By Rebecca Bulnes
By Lee Zimmerman
By Rebecca Bulnes
By S. Pajot
By S. Pajot, Liz Tracy, Kat Bein, & Sean Levisman
By Kat Bein
By Ashley Rogers
Reggae's traditionalists, meanwhile, have merely added canned drums and layers of rinky-dink synthesizers to the same old lovers-rock pop shtick that signaled the music's decline at the close of the Seventies. Even the two most noteworthy acts slated for Saturday's Bob Marley Festival -- Ziggy Marley's Melody Makers and Inner Circle -- have done little to invigorate the music. Sure, both have netted crossover hits: the former with the aforementioned "Tomorrow People," the latter with the 1987 hit "Bad Boys," which is used as the theme music for the TV show Cops. Neither song, however, is worthy of the finest work that came before it: "Trenchtown Rock," "Mr. Brown," and "Get Up, Stand Up" by Ziggy's dad; Toots and the Maytals' "African Doctor," "Funky Kingston," and "Sweet and Dandy"; Peter Tosh's "Stepping Razor" and "Maga Dog"; or albums by Burning Spear (Marcus Garvey), Culture (Two Sevens Clash), and Black Uhuru (Showcase).
What does it say about the music's current condition that of the new releases issued by Ras, a Washington, D.C., label that is highly respected among reggae diehards, the only one that booms with any authority is a reissue? Taken on its own merits, that reissue A Double Barrel, a collection of early Seventies instrumentals by the brothers Dave and Ansel Collins -- might sound like a mediocre album by Big Youth or Augustus Pablo. The songs are big and wobbly and loopy like most Jamaican instrumentals of the era, and none are really essential, which makes Double Barrel a document for archivists and completists only. But put it on after spinning the new Ras discs by such dullards as Junior Reid, Sugar Minott, and Yellowman -- or Ziggy's recent Free Like We Want 2 B A and the Collins set suddenly becomes an out-of-nowhere revelation, a reminder of a time when reggae overflowed with visionary craftsmen and militant prophets and groove-obsessed rhythm warriors. When the last cymbal crash fades and the last bass line rumbles to a close, you can't help but wonder just what the hell happened to this music.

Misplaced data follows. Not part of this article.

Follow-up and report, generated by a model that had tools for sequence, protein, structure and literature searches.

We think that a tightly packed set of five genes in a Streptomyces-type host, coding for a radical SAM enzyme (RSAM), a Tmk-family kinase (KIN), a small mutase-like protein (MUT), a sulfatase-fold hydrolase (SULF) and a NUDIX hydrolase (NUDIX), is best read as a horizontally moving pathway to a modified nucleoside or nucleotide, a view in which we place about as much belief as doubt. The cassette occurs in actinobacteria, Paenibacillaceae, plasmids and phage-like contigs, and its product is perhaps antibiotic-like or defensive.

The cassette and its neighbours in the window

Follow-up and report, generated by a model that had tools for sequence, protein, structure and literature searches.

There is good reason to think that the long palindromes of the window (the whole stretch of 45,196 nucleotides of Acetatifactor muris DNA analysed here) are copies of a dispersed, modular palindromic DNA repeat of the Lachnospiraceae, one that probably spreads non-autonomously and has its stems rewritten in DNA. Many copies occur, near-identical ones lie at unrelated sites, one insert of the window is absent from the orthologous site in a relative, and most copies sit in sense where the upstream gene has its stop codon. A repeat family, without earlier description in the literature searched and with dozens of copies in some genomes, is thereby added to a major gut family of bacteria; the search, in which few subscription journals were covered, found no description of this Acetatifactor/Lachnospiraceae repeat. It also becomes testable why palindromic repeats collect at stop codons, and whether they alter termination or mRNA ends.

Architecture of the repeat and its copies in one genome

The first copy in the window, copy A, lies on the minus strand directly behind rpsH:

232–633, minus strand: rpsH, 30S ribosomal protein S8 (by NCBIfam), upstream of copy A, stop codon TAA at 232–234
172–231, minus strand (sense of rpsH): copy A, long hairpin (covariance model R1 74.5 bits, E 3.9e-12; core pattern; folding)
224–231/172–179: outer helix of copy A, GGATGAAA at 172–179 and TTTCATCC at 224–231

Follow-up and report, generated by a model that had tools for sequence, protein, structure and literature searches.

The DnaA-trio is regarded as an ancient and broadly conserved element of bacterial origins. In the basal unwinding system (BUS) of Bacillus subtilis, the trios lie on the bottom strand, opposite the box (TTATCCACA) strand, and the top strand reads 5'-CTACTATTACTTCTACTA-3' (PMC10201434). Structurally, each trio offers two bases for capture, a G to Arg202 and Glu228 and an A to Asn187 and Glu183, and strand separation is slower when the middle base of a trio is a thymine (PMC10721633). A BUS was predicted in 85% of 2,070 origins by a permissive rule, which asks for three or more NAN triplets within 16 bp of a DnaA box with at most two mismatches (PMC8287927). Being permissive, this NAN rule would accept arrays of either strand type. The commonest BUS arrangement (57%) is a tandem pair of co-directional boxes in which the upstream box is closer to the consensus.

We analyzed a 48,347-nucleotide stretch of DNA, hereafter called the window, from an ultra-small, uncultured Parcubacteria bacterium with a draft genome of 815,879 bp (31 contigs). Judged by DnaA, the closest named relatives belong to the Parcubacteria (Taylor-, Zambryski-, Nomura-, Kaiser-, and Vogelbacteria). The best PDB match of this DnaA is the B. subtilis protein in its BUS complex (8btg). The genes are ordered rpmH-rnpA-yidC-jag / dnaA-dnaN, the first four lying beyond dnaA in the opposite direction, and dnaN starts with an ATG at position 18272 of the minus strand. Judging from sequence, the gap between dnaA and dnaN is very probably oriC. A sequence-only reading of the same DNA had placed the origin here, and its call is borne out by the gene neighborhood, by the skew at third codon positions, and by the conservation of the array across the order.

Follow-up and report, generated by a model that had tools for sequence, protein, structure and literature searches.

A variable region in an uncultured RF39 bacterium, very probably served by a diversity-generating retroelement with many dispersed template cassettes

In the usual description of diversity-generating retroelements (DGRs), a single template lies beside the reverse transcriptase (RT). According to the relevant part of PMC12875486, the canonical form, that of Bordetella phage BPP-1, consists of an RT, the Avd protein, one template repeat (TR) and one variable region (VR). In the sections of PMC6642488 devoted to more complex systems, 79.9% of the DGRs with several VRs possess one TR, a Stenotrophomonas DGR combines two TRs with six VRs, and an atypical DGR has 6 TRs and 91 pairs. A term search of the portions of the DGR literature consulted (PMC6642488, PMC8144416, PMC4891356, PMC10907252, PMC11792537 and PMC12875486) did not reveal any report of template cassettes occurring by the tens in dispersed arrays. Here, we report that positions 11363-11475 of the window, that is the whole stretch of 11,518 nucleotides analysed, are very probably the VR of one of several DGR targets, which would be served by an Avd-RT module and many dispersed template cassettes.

The Bob Marley Festival takes place Saturday, February 10, at the Bayfront Park Amphitheater, 301 Biscayne Blvd; 358-7550. Performers include Ziggy Marley and the Melody Makers, Inner Circle, Le Coup, Johnny Dread, X-High, and Enta Jesu. Showtime is 1:00 p.m. Admission is three canned goods or three nonperishable food items to benefit the Camillus House.